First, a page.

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The Basics: Cannas and Callas

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Hot Colors Provide a Tropical Look

Cannas and calla lilies are great summer flowers that can be grown in containers or in the garden. Their bold foliage and exotic flowers make a big splash with little effort. Here's how to grow these tender beauties:

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The Dwarf Canna Mixture can be used in the garden or in containers.

Cannas

Originally from the West Indies and South America, cannas are one of the showiest summer bulbs you can grow. These lush tropical plants produce large—sometimes colorful—leaves, and tall flower stalks with vibrant blossoms. Depending on the variety, cannas can grow a few feet tall to more than 10 feet tall. Dwarf varieties look great in large containers combined with petunias, sweet potato vines, and other low-growing annuals. Larger varieties make a strong, elegant statement planted at the back of flower beds or grouped together in showy islands of color. Because they tolerate moist soils, cannas can also be planted along ponds or in a wet spot in the yard.

Cannas are generally grouped by leaf color. One of the most popular green-leafed varieties is 'City of Portland', which has soft, salmon-colored blooms. For containers, consider the Dwarf Canna Mixture, a blend of hot tropical colors on 3-foot plants. 'Ambassador' is similar in size, but it has reddish leaves and red flowers.

Planting and Care: Because they are topical plants, cannas thrive in full sun, with plenty of summer heat and consistently moist soil. Wait until the soil has warmed and all threat of frost has passed before planting cannas outdoors. Rhizomes should be planted horizontally, 4 to 6 inches deep, and spaced 1 to 2 feet apart. For earlier flowers, cannas can be planted in pots and started indoors or in a greenhouse about one month before mild weather arrives.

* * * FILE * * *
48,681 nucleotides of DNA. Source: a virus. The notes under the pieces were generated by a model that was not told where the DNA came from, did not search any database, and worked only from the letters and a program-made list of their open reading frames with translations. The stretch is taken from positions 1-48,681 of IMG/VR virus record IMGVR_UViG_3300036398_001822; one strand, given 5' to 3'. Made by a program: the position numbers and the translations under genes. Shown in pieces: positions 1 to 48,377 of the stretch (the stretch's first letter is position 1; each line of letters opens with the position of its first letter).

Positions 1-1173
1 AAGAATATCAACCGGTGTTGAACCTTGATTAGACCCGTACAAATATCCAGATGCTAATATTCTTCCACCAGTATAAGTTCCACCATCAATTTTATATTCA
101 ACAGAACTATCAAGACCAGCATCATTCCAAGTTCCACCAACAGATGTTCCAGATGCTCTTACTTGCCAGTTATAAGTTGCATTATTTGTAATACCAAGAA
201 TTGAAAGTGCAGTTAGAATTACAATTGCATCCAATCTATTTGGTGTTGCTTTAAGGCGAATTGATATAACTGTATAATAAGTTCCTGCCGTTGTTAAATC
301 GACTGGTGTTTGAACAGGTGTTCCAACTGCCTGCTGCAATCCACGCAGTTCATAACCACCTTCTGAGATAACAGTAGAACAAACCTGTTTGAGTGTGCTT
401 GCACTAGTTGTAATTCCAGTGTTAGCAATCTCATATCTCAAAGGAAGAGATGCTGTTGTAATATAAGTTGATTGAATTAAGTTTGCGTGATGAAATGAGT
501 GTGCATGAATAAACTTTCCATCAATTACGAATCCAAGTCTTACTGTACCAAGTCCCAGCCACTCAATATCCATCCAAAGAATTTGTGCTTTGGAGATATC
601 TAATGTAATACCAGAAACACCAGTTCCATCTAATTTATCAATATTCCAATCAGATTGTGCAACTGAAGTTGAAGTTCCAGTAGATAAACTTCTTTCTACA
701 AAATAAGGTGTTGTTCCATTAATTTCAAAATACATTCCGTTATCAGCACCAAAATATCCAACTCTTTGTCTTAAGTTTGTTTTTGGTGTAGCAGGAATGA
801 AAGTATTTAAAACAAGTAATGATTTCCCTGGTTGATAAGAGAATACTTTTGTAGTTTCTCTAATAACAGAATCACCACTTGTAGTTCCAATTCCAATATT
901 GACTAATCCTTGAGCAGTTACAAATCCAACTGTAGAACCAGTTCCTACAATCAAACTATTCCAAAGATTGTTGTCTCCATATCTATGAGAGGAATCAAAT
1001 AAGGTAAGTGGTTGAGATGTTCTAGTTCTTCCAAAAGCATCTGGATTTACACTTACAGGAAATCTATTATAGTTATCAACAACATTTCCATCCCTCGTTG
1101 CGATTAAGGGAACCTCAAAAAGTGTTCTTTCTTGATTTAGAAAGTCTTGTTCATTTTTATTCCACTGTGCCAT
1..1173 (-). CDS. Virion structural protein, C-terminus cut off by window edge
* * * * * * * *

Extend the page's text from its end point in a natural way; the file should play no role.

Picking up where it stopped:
Cannas grow and flower best when fertilized monthly. Keep plants well watered and weeded. Because cannas are tropical plants, they will overwinter outdoors only in frost-free areas (USDA zones 9 and 10). In most areas you'll need to dig up the tubers in fall and store them indoors. After frost kills back the foliage, dig the tubers, and store them in a cool, dark, frost-free place.

Calla Lilies

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Add a touch of tropical elegance to your garden with White Calla Lilies.

This South African native is known primarily as a florist flower, but is becoming popular for use outdoors in containers and in cutting gardens. The broad, trumpet-like flowers (technically a spathe or modified leaf) come in a range of colors from white to yellow to rose and burgundy. Most varieties grow less than 2 feet tall. The sword-like green foliage often has attractive white freckles. Some popular varieties include salmon-colored 'Cameo', pink-colored 'Superba', bright yellow 'Golden', and the classic 'White'. Callas look great planted under trees and in other protected spots with shade-loving plants such as caladium, hosta, and impatiens. They are also attractive in pots and planters, providing a late-summer surprise when other flowers begin to fade.

Planting and Care: Plant callas outdoors in a location that gets bright, morning light. They appreciate some afternoon shade—especially in hot-summer areas. Callas grow best in a moist soil amended with organic matter. Set rhizomes 4 to 6 inches deep and 1 to 2 feet apart. They can be planted 6 to 12 inches apart when grown in pots. Fertilize monthly. Keep well watered and weeded.

Callas are frost-sensitive, but in USDA zones 8 and 9 they can be left in the ground if mulched with bark or straw before winter. In colder areas, lift the rhizomes after first frost, clean off excess soil, let dry out of the direct sun for a few days, then store in a dry location that remains between 50 and 60 degrees F. Plant in spring after the soil has warmed and all danger of frost has passed.